Included are a number of excellent articles that I will be linking to over the next few days.
The first article reveals the extent of UK bilateral trade with China and discusses the potentially rich rewards. I highlight below some of the more interesting paragraphs.
Bilateral thinking [FT]
It is the second largest exporter of goods and will become the number one within a few years. It is the largest consumer of metals, the biggest emitter of carbon dioxide and will quite soon be the world’s largest consumer of primary energy.
It also offers unrivalled opportunities for British businesses, which already export more to China than to any other Asian country and invest more in the country than any other European nation. Unsurprisingly, the UK government is keen to further strengthen trade and investment links and has increased its support for British-based organisations hoping to enter the Chinese market.
Yet the impact of the global credit crunch has dented investor confidence, as the world waits to see just how sensitive the Chinese economy will be to the slowing economies of Europe and North America. Moreover, the business environment in China remains challenging, with some sectors off-limits to UK businesses, continuing problems in protecting intellectual property rights and inflation boosted by rising commodity prices and labour shortages in the biggest centres.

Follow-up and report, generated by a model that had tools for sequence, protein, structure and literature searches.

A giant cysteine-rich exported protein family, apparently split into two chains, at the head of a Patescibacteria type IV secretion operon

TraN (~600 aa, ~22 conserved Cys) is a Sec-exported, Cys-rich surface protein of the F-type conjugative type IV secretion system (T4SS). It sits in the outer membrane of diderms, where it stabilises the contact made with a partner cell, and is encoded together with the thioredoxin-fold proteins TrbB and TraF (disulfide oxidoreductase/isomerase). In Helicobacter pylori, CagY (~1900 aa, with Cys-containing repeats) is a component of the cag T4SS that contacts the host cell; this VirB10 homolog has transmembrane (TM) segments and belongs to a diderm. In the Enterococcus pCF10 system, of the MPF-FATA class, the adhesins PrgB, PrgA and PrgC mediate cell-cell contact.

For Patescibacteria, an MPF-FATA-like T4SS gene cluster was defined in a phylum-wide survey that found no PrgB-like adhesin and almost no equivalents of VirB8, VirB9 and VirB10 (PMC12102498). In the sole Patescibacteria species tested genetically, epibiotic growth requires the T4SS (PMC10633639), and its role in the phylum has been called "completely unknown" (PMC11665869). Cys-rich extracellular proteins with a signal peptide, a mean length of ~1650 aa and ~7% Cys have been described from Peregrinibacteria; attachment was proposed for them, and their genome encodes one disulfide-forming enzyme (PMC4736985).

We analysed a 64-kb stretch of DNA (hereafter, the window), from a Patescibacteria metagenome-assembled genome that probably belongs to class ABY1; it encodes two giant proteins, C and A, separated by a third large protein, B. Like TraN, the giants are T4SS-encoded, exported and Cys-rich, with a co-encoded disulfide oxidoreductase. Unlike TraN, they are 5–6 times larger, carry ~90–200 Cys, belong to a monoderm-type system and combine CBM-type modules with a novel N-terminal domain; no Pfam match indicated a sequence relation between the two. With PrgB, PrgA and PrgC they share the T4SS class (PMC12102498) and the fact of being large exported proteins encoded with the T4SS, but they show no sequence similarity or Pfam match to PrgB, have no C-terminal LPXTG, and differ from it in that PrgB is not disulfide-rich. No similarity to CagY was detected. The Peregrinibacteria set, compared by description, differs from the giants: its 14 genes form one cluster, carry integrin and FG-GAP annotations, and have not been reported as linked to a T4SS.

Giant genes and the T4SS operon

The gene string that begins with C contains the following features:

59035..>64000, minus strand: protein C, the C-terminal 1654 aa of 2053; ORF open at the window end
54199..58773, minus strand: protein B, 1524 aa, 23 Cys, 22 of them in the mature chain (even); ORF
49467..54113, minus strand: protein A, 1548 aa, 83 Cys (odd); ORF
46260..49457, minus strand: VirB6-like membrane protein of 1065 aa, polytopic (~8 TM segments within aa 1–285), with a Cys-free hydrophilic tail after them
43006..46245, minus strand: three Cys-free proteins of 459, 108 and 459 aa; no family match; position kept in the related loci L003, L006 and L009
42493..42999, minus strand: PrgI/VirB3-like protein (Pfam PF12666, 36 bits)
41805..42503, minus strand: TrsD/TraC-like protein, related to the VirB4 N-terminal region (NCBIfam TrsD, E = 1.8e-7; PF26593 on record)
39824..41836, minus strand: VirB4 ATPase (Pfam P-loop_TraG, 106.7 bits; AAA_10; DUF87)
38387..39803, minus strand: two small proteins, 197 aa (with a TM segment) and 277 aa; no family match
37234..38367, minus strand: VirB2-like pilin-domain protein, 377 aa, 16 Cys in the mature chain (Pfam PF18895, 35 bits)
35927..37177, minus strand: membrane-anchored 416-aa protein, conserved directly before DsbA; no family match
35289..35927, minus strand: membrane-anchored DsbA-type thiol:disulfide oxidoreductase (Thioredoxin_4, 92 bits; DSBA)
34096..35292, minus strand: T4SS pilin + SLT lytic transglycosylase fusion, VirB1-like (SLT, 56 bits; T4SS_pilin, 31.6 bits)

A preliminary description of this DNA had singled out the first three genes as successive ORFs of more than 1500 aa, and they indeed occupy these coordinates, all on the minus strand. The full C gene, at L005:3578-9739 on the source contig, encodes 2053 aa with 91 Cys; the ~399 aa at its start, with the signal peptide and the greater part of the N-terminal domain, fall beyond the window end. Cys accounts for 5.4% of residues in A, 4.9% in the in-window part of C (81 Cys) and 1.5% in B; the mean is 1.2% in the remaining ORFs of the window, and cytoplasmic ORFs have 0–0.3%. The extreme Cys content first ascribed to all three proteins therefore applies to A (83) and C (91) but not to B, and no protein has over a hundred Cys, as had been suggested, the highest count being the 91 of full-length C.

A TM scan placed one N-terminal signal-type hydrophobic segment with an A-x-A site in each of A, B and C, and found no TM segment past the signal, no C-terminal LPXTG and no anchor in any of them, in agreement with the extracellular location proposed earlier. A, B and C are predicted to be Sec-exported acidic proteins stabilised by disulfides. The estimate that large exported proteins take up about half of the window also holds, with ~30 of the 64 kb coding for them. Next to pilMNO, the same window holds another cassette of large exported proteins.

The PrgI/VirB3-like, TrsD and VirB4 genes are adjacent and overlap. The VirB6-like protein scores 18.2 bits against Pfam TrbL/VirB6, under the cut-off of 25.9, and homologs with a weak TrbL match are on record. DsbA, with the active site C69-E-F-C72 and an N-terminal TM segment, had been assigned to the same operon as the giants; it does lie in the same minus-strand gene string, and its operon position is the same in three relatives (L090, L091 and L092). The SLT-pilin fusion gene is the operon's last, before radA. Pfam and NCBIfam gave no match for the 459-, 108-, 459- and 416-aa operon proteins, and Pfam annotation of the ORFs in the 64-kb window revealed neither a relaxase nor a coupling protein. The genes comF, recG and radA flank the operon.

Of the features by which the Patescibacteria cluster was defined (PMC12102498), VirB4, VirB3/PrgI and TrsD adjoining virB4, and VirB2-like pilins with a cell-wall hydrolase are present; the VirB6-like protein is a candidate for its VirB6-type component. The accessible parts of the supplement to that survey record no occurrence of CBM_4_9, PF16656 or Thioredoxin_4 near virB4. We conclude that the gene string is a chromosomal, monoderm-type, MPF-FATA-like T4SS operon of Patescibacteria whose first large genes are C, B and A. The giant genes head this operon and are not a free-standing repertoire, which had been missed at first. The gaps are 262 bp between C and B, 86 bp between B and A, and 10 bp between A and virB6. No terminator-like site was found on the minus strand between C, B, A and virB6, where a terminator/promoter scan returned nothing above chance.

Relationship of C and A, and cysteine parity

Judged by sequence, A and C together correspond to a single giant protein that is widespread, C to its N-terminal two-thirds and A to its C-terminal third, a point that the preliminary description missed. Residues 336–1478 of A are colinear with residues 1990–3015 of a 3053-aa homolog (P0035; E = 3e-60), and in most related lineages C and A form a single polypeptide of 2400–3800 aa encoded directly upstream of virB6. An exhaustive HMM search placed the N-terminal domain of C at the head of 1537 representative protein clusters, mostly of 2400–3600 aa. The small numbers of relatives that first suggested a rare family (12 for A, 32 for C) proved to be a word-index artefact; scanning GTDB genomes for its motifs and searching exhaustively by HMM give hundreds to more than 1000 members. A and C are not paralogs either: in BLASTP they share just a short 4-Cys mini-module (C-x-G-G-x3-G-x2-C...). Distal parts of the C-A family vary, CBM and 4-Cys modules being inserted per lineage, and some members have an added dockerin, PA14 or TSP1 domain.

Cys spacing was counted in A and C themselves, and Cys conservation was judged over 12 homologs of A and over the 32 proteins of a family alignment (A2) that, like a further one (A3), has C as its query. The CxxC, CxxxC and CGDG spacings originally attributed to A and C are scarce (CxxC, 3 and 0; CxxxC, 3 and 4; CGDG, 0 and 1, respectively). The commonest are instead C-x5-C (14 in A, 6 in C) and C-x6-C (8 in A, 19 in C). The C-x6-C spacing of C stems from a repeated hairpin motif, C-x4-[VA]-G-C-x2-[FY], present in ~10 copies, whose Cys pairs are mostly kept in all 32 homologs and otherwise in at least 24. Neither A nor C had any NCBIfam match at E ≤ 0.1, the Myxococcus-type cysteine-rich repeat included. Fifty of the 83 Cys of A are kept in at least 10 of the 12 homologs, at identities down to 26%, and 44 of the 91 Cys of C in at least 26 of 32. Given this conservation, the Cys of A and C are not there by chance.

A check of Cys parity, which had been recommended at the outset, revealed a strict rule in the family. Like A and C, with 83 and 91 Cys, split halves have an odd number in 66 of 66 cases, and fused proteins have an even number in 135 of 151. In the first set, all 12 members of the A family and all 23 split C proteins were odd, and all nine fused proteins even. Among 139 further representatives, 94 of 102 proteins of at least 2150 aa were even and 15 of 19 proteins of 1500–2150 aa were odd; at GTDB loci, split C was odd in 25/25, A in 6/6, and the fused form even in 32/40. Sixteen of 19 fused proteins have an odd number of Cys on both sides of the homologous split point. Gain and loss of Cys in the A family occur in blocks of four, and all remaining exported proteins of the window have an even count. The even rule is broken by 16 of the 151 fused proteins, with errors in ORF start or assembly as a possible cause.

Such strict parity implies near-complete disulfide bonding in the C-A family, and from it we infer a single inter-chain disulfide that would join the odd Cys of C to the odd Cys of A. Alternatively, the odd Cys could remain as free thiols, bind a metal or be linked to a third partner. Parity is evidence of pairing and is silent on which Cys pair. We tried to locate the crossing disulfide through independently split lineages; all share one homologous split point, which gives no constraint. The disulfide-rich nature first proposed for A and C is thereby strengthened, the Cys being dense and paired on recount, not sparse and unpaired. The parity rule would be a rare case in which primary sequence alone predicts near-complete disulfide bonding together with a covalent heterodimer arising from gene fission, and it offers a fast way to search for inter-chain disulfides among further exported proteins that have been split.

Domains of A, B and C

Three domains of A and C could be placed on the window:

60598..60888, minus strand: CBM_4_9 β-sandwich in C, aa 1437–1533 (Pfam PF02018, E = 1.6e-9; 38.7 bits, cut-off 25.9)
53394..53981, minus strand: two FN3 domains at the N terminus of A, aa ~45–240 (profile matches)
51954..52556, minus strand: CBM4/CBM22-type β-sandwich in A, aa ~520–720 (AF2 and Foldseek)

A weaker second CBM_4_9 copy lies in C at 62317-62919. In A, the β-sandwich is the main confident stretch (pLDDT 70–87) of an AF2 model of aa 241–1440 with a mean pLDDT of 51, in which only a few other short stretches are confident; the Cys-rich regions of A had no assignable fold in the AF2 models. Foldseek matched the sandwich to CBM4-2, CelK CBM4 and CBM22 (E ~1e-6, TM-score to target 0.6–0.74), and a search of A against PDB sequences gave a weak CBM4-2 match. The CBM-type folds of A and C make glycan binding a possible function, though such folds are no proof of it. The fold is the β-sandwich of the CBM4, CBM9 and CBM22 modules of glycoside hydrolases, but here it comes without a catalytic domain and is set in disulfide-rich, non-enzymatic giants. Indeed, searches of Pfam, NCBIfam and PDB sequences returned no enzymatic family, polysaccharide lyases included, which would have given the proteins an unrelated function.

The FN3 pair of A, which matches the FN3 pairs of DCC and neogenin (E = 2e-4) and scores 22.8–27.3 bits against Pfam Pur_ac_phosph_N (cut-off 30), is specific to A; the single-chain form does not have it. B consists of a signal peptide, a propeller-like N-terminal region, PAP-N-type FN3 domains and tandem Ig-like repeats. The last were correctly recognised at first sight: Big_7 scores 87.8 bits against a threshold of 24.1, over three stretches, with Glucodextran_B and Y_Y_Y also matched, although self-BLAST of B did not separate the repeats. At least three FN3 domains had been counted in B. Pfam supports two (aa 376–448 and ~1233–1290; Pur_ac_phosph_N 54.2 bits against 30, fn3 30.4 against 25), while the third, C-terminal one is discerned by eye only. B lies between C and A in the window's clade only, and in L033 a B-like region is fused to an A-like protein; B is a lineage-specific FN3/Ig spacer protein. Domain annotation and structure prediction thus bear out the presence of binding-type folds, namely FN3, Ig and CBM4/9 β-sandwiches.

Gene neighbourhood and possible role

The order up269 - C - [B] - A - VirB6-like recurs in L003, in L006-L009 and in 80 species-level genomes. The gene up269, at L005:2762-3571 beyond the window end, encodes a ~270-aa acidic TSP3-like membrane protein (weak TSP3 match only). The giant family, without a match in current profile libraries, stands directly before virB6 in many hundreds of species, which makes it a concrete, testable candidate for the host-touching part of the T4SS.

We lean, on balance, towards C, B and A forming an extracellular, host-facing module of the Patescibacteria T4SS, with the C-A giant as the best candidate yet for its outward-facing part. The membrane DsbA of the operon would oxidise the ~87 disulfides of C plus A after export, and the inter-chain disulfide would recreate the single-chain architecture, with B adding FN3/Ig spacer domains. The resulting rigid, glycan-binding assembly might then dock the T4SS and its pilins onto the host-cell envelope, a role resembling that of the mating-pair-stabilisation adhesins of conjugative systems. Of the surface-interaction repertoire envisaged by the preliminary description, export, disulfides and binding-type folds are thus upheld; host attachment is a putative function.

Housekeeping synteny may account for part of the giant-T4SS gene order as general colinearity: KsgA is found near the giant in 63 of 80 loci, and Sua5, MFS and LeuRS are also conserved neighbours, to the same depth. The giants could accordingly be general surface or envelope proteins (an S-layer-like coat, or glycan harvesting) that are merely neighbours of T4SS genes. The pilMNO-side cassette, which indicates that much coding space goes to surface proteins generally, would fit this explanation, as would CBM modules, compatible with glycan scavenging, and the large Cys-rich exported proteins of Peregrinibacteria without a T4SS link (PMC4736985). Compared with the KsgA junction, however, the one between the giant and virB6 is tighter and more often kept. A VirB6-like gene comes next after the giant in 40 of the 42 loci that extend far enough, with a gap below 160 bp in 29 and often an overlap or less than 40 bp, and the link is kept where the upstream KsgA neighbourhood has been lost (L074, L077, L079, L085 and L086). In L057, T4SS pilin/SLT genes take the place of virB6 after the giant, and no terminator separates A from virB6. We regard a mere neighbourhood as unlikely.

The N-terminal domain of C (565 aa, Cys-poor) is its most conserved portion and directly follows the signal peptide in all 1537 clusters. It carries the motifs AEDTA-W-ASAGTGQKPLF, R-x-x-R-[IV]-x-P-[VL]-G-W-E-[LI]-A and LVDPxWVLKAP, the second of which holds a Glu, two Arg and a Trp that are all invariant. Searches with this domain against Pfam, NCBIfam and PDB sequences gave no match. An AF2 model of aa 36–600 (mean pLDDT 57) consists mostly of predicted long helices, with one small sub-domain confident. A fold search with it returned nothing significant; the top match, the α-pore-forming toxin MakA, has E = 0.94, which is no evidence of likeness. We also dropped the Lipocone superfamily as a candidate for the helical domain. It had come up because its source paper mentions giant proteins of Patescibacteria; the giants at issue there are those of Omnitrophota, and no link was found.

The evolving relationship is illustrated by the sharp increase in bilateral trade between the UK and China, which has more than doubled in the past five years. British exports of goods and services to China surged more than 40 per cent in the first half of 2008, while imports increased 10 per cent. The UK is investing in 6,000 projects in China worth more than £8bn, and is by far the biggest recipient of Chinese foreign direct investment in Europe – capturing 11 per cent of the total.
China’s desire to increase energy efficiency and reduce pollution and carbon emissions is also providing lucrative opportunities for British companies. Investment in renewable energy increased 91 per cent in 2007 to £6.1bn, with most going into mini-hydroelectric generation, solar water heating and wind power.